N.Y. seals 1st state gun laws since Newtown, Conn., massacre

ALBANY, N.Y. (AP) — New York lawmakers agreed to pass the toughest gun control law in the nation and the first since the Newtown, Conn., school shooting, and now dare other states and Washington to follow.

“This is a scourge on society,” Gov. Andrew Cuomo said Monday night, six days after making gun control a centerpiece of his progressive agenda in his State of the State address. The bipartisan effort was fueled by the Newton tragedy that took the lives of 20 first graders and six educators. “At what point do you say, ‘No more innocent loss of life.’”

Sen. Jeffrey Klein, leader of the Independent Democratic Conference in the Senate, said it is landmark legislation. “This is not about taking anyone’s rights away,” said Klein, a Bronx Democrat. “It’s about a safe society … today we are setting the mark for the rest of the county to do what’s right.”

The measure, which calls for a tougher assault weapons ban and restrictions on ammunition and the sale of guns, passed the Senate 43-18 on the strength of support from Democrats, many of whom previously sponsored bills that were once blocked by Republicans. The Democrat-led Assembly gaveled out before midnight and planned to take the issue up at 10 a.m. Tuesday. It is expected to pass easily.

The governor confirmed the proposal, previously worked out in closed session, also would mandate a police registry of assault weapons, grandfathering in assault weapons already in private hands.

It would create a more powerful tool to require the reporting of mentally ill people who say they intend to use a gun illegally and would address the unsafe storage of guns, the governor confirmed.

It was agreed upon exactly a month since the Sandy Hook Elementary School tragedy.

“It is well-balanced, it protects the Second Amendment,” said Senate Republican leader Dean Skelos of Long Island. “And there is no confiscation of weapons, which was at one time being considered.

“This is going to go after those who are bringing illegal guns into the state, who are slaughtering people in New York City,” Skelos said. “This is going to put people in jail and keep people in jail who shouldn’t be out on the street in the first place.”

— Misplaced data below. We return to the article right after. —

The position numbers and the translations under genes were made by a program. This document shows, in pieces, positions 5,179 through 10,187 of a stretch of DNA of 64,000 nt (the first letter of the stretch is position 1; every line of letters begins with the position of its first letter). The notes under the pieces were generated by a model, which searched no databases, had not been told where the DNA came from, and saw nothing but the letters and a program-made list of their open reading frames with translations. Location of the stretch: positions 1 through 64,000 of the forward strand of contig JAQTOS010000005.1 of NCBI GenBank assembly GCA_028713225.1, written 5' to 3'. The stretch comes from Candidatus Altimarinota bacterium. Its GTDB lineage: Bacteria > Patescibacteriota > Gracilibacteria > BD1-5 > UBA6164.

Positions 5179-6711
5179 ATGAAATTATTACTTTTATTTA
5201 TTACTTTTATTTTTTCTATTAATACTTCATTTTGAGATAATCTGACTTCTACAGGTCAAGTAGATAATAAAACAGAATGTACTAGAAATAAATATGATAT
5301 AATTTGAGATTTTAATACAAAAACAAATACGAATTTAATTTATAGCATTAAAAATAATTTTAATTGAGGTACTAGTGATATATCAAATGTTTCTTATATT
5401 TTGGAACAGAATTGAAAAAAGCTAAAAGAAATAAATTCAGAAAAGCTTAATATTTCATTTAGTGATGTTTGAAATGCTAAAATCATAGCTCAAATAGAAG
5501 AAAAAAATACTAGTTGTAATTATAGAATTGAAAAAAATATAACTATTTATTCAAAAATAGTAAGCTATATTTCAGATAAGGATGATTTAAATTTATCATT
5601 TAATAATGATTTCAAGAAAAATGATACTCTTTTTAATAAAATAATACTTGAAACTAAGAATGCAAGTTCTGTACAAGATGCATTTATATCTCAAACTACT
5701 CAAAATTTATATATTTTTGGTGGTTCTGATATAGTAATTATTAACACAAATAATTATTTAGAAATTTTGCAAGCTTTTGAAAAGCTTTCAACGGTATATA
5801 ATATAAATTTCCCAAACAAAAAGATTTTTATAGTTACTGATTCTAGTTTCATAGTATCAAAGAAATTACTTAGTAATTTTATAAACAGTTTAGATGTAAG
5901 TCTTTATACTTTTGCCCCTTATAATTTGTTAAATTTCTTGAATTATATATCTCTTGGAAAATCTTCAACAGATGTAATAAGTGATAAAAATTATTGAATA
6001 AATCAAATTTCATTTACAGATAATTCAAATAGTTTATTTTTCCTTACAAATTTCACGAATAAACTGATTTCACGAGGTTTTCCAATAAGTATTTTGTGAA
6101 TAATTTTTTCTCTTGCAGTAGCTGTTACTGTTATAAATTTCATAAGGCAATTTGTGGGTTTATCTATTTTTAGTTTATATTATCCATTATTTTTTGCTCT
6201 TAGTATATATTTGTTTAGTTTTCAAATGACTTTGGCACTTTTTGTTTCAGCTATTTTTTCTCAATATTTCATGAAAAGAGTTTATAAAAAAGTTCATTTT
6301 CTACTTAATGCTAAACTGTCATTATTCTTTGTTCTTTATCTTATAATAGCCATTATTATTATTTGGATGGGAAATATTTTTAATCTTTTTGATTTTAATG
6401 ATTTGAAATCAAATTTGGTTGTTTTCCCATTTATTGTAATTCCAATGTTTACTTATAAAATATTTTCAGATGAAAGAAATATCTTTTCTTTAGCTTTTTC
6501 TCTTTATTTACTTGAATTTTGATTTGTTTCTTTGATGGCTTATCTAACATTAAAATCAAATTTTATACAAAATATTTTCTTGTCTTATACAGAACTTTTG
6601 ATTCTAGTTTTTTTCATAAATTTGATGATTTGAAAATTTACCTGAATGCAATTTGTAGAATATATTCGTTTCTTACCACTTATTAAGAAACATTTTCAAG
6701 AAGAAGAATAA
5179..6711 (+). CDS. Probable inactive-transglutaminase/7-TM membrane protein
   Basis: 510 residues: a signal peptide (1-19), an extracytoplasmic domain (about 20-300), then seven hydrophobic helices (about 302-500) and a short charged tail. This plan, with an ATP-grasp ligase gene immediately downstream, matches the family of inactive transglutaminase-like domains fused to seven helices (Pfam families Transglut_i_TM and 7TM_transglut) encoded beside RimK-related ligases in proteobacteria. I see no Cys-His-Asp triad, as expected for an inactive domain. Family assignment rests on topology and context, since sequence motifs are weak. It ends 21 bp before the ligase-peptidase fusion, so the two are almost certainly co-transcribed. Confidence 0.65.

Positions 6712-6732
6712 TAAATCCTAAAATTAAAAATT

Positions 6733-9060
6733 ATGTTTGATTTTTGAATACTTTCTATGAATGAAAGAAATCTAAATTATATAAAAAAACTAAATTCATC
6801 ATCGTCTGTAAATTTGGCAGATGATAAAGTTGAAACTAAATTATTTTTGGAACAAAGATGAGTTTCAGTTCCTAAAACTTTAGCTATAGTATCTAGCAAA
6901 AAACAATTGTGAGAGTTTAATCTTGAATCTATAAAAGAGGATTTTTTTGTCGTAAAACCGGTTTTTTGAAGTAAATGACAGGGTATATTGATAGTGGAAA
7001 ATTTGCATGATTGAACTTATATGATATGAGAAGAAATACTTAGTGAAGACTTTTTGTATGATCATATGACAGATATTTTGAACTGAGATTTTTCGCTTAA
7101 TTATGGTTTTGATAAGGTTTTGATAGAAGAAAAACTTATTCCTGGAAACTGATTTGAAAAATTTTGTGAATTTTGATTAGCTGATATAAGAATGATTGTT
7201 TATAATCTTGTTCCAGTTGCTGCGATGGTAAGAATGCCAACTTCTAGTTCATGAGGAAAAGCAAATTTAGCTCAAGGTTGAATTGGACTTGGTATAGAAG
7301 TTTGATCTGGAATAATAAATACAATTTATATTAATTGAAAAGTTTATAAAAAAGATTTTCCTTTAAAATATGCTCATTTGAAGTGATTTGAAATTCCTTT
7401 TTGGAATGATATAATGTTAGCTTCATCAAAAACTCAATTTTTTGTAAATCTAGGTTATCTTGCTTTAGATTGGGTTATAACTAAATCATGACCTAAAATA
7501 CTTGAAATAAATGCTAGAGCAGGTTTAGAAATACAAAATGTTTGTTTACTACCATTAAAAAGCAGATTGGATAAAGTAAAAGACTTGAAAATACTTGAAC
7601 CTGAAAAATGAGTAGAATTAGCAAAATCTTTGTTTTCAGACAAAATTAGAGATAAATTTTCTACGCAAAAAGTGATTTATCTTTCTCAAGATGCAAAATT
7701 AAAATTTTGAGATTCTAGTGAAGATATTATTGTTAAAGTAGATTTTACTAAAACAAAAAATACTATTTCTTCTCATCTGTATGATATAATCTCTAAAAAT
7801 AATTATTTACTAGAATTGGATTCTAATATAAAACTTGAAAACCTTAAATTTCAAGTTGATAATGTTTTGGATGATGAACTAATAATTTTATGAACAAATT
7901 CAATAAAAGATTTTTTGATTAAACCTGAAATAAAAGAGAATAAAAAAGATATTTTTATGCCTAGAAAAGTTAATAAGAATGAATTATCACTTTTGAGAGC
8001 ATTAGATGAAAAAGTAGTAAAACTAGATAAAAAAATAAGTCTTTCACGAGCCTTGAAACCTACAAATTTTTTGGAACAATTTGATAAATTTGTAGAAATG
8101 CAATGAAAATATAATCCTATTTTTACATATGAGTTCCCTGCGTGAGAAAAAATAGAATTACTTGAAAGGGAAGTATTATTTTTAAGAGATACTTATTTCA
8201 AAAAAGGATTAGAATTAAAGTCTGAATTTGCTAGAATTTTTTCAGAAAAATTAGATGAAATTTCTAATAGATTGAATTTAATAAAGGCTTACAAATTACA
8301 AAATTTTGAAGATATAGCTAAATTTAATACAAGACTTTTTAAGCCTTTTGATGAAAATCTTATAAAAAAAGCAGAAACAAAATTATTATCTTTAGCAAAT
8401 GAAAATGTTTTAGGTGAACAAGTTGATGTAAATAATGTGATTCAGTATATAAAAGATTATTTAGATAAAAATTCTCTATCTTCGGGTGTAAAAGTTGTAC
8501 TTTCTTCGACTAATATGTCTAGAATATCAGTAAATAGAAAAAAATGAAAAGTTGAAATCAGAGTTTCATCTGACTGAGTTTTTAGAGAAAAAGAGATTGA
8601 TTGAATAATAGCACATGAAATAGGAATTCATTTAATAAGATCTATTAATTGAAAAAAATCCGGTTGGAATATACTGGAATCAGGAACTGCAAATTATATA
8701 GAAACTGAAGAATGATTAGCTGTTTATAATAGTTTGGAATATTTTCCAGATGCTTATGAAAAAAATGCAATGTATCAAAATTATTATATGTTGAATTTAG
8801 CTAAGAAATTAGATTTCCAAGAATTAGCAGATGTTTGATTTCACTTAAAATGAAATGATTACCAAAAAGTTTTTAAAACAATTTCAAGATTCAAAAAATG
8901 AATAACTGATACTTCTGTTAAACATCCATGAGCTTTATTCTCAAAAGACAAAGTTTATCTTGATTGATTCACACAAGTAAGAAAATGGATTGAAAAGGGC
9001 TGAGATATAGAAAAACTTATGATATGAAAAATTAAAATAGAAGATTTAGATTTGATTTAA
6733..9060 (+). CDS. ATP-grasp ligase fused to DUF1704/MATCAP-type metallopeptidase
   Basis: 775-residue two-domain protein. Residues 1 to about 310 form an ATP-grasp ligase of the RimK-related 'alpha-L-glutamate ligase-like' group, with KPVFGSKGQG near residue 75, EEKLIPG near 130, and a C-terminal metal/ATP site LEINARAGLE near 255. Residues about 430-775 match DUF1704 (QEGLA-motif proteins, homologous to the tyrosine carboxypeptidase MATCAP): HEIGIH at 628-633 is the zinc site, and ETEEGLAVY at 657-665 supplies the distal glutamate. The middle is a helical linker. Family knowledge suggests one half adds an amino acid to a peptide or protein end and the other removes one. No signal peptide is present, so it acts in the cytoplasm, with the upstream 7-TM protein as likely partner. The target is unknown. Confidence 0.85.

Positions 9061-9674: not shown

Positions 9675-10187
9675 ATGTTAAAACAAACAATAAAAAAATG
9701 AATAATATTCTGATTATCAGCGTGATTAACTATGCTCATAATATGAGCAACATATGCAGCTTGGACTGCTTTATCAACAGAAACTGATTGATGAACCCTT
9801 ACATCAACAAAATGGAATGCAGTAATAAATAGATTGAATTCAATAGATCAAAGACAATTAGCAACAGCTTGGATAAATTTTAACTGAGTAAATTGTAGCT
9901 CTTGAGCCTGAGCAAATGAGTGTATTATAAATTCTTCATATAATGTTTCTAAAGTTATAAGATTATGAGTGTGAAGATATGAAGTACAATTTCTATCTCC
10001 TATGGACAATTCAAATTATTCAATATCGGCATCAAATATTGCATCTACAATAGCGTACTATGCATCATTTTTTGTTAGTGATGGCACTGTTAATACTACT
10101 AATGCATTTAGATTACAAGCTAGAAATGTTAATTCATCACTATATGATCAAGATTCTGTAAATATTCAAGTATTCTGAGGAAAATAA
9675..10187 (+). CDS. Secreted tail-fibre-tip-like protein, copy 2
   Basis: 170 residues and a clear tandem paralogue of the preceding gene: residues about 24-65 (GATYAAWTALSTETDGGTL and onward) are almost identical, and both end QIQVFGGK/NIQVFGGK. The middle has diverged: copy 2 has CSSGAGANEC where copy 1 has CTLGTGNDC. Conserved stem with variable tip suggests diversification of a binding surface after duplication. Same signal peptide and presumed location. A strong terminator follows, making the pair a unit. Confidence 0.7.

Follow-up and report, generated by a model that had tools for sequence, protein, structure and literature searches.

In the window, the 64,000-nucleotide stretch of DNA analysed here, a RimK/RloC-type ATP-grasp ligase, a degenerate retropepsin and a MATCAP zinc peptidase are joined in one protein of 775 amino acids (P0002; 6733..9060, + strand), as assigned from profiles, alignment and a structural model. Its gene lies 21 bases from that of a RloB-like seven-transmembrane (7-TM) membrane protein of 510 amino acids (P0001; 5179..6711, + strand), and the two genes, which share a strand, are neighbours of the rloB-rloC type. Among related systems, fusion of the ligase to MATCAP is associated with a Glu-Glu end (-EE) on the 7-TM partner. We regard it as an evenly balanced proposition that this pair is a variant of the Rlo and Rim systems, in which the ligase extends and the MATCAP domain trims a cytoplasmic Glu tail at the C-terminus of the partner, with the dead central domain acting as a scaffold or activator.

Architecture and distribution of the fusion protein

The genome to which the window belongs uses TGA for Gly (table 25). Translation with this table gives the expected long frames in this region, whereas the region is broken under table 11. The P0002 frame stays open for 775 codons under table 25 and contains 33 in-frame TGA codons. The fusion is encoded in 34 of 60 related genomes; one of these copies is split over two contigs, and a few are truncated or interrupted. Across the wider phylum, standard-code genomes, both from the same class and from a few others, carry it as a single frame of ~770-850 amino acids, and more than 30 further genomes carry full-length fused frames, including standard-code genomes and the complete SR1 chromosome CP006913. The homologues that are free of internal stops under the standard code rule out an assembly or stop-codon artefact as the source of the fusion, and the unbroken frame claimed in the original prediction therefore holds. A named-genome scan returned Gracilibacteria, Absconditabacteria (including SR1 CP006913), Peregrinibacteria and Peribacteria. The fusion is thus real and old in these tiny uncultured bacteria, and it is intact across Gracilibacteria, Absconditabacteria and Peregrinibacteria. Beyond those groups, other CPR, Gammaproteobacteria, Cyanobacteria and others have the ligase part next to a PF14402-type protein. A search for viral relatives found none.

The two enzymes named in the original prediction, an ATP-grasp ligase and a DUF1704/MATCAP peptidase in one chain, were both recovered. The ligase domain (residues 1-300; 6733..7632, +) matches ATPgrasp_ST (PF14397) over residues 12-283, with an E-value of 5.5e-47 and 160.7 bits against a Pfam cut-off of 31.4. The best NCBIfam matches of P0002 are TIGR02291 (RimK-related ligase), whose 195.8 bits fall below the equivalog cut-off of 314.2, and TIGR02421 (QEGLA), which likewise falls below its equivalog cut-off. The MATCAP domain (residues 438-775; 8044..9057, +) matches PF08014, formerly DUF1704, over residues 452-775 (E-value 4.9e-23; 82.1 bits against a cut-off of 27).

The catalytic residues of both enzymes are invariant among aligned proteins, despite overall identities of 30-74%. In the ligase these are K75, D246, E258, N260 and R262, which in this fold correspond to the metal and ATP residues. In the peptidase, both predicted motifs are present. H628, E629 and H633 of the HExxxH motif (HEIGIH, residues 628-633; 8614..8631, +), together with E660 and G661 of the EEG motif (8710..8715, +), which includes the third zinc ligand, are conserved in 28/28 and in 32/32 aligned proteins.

Sen. Andrea Stewart-Cousins of Yonkers noted most bills had been pushed by Democrats in past years, but bottled up by Republicans.

“The Senate Democrats were proud to provide the votes to make this crucial package possible,” said Stewart-Cousins, leader of the traditional Democratic conference. “The fact is, the bills passed today should have been enacted a long time ago.”

Cuomo said he wanted quick action to avoid a run on assault weapons and ammunition as he tries to address what he estimates is about 1 million assault weapons in New York state.

Republican Sen. Greg Ball called that political opportunism in a rare criticism of the popular and powerful governor seen by his supporters as a possible candidate for president in 2016.

“We haven’t saved any lives tonight, except one: the political life of a governor who wants to be president,” said Ball who represents part of the Hudson Valley. “We have taken an entire category of firearms that are currently legal that are in the homes of law-abiding, tax paying citizens. … We are now turning those law-abiding citizens into criminals.”

Under current state law, assault weapons are defined by having two “military rifle” features spelled out in the law. The proposal would reduce that to one feature and include the popular pistol grip.

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